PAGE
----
Screen Shot 2013-03-15 at 6.20.14 PM

Anyway, I hope you enjoyed my emigration tail.  Now I must begin my endless pursuit of the American dream – starting right here:



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Charlotte, NC to Mwanza, TZ in 79 Hours

It’s been a week now since mom and I arrived back in Mwanza and it’s taken me that long to get over the stress and anxiety of our trip from, for lack of a better word, HELL.  And before I go any further, I’d just like to say that I seriously considered titling this post, “Turkish Airlines Sucks”, but decided to be a bit more eloquent and explain the situation…so here goes!


I’d also like to say that Turkish Air has now supplanted Precision Air for the number one spot on my travel “potty” list.  FYI Turkish Air, you are not a REAL European airline if you are more afraid of a 7 kg dog than an 80 kg drunk, belligerent man, just saying.  But I’m getting ahead of myself…

Goodbye Charlotte (Mom informs me this is also the name of a whiny rock band)

Goodbye Charlotte! (Mom informs me this is also the name of a whiny rock band)

We left Charlotte, North Carolina on a Wednesday and flew on US Airways to Washington, DC (an airport I may have pooped in, oops).  For the record, US Airways is awesome for doggies.  The flight attendant was super nice and showed me and mom photos of her own little dachshund, who I must say was quite the cutie.  Based on our excellent treatment by all the US Airways people, mom and I had no idea the personal hell we were in for once we transferred to Turkish Air in Washington, DC.

Enjoying US Airways

Enjoying US Airways

Once in DC, the problems began.  It’s too painful to relive all the terror the Turkish Air people put mom and me through, so I’ll be brief in my description.  More or less, the flight attendants told mom that it was “impossible” (sounds like a Tanzanian talking to me, once again these phrases would not be uttered on a REAL European airline) to bring me on board even though I’m a service dog and have all the appropriate paperwork and even though mom had called and arranged everything with Turkish Air months in advance.

Rejecting a service animal? You should be ashamed of yourself, Turkish Air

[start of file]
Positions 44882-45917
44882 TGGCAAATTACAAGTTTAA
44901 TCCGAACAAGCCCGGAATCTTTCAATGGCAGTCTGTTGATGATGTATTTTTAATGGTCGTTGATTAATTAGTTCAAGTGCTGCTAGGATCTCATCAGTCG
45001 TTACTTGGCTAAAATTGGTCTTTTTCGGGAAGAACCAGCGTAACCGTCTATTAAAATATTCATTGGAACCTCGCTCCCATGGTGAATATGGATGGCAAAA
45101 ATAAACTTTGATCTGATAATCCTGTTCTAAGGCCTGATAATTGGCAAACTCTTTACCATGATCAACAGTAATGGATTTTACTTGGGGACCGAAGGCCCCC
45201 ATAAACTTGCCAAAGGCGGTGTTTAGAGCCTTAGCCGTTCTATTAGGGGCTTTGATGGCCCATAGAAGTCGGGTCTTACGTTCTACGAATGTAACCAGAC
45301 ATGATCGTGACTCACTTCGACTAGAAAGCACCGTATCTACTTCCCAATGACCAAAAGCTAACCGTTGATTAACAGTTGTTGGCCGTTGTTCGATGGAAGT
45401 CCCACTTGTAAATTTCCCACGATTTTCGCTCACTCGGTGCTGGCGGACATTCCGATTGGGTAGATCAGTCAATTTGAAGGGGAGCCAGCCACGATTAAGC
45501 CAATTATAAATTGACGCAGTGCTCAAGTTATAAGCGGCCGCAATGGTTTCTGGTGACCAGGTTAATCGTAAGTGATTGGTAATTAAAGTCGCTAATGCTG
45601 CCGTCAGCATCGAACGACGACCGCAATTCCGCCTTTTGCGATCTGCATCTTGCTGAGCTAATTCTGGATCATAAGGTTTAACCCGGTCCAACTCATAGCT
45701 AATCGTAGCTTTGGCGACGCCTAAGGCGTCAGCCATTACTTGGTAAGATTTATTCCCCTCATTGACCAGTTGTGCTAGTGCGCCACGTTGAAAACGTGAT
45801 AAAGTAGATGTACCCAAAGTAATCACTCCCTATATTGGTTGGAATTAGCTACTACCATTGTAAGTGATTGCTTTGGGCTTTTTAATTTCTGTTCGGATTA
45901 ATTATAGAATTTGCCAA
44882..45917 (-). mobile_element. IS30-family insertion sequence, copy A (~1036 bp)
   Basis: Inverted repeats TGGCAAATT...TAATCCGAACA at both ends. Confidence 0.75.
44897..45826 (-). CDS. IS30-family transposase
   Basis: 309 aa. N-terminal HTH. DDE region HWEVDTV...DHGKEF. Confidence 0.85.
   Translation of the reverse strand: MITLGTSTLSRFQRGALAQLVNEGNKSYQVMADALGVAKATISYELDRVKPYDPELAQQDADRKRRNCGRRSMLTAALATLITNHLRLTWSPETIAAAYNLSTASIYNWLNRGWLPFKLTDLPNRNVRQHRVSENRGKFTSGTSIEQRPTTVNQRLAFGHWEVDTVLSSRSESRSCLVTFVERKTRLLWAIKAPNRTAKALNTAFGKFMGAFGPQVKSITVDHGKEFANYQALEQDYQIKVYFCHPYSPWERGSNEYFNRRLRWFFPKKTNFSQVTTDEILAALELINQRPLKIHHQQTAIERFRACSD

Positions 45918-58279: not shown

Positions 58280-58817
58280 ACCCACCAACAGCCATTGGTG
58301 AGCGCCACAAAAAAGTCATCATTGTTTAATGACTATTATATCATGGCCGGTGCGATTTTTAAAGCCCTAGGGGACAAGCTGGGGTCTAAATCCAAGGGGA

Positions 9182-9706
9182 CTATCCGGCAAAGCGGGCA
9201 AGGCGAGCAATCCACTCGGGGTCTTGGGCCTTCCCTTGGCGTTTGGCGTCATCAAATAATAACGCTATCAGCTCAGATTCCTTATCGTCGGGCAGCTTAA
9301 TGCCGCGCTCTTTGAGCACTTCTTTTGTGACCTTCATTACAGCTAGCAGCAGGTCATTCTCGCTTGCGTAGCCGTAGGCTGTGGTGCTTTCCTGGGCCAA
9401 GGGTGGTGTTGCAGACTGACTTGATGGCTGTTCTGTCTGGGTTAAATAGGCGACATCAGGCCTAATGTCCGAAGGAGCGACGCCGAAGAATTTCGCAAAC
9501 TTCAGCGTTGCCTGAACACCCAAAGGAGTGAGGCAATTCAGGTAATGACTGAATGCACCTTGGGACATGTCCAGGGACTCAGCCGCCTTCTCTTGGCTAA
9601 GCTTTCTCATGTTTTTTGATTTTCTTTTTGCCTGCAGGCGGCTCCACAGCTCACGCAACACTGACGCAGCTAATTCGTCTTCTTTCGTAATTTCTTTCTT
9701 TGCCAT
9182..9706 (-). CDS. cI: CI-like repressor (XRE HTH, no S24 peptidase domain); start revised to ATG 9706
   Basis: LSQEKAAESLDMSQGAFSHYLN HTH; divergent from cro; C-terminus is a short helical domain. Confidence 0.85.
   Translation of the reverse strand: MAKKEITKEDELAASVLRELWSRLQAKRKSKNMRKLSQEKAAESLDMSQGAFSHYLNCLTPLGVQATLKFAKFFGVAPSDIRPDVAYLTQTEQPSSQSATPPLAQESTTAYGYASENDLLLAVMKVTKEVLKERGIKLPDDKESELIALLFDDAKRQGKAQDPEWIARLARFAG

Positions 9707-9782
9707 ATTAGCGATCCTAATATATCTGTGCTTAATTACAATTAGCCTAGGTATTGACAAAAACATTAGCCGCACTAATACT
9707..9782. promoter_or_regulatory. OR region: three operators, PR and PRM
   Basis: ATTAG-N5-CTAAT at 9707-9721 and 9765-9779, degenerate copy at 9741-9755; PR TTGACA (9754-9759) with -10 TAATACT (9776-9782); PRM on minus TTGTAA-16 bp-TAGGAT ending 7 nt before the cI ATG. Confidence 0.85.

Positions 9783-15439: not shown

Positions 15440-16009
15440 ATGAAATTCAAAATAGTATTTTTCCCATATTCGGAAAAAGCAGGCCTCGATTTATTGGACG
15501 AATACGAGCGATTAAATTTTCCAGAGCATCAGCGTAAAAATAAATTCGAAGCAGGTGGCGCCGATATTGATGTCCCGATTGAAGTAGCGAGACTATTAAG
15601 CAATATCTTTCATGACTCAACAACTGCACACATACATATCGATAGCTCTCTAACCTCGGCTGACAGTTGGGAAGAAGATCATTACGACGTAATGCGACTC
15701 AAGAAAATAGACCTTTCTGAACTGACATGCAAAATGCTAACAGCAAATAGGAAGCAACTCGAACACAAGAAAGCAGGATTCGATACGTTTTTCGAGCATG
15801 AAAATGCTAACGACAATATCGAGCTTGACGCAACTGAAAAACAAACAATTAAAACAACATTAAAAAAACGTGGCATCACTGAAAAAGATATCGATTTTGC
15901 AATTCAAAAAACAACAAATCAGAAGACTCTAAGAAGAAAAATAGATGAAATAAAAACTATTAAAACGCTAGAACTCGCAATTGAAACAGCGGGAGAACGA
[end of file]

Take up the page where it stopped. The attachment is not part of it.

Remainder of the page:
Rejecting a service animal? You should be ashamed of yourself, Turkish Air

In the end, I was obviously allowed to fly because here I am writing from Tanzania, but it wasn’t before both me and mom were made to feel incredibly unwelcome on the 10-hour flight to Istanbul.  Luckily our seat mate was great and mom and him complained together about the rudeness of the Turkish Air flight attendants.

Once in Istanbul, me and mom figured everything would be smooth sailing because the people in DC assured us that they had put a special note on our file so we wouldn’t be treated so poorly on the next flight to Dar es Salaam.  But NO, of course this message did nothing to stop the idiocy of this pseudo-European airline.  We were treated even worse on the next flight and were almost kicked off to be stranded in Istanbul.

We finally arrived in Dar es Salaam, tired and nervous at 4:30 in the morning.  We were too late to try to fly to Mwanza so mom took a chance on a taxi driver who turned out to be our savior in this whole bad dream of an experience.  His name was Sham (even I get the irony of this) and he was truly amazing!  He drove us around Dar es Salaam for over an hour looking for a hotel that would accept us because I’m not exactly welcome in Tanzania.  Finally after trying at least 15 different hotels, we were welcomed into the Peacock Hotel and immediately fell onto the bed for an amazing sleep.

Beds are awesome

Beds are awesome

It took mom 2 full days in Dar es Salaam to arrange a way to get to Mwanza.  Because Precision Air is afraid of little dogs like me, I was forced to ride in cargo.  Luckily, I had no idea what this meant until it was actually happening, otherwise I never would have gotten myself into such a situation.

While we were waiting for what I thought was just another routine short flight, mom gave me a little treat, a bitter tasting pill, but I think anything mom gives me is a treat!  Before I knew it I was being shoved into a crate, in a bit of a haze, and was having a hard time keeping my eyes open.

Seriously guys, what's going on?

Seriously guys, what’s going on?

Next thing I know, a Tanzanian man is carrying me away from my teary-eyed mom and then she is gone and I’m alone in my tiny cage.  WHY?  After a while, I’m driven out to the airplane, still in my cage and placed in the bottom of the plane.  What the heck did I do to deserve this?  Luckily, mom came to check on me in the bottom of the plane.  Unfortunately she was just there to say hi and then they closed the hatch and I was all alone.

In cargo, on Precision Air, all alone

In cargo, on Precision Air, all alone

By this point, my eyes were heavy and all I could do was close them and pretend I was with mom in our bed back in Mwanza.  And you know what, it worked!  Next thing I knew, I was reunited with mom and Taxi Tito and we were on our way to our bed in Mwanza!  Hooray!  Best day in a LONG, LONG time!  And then it got better because I was reunited with our awesome house and my best friend Twiga and my girlfriend Miss Piggy.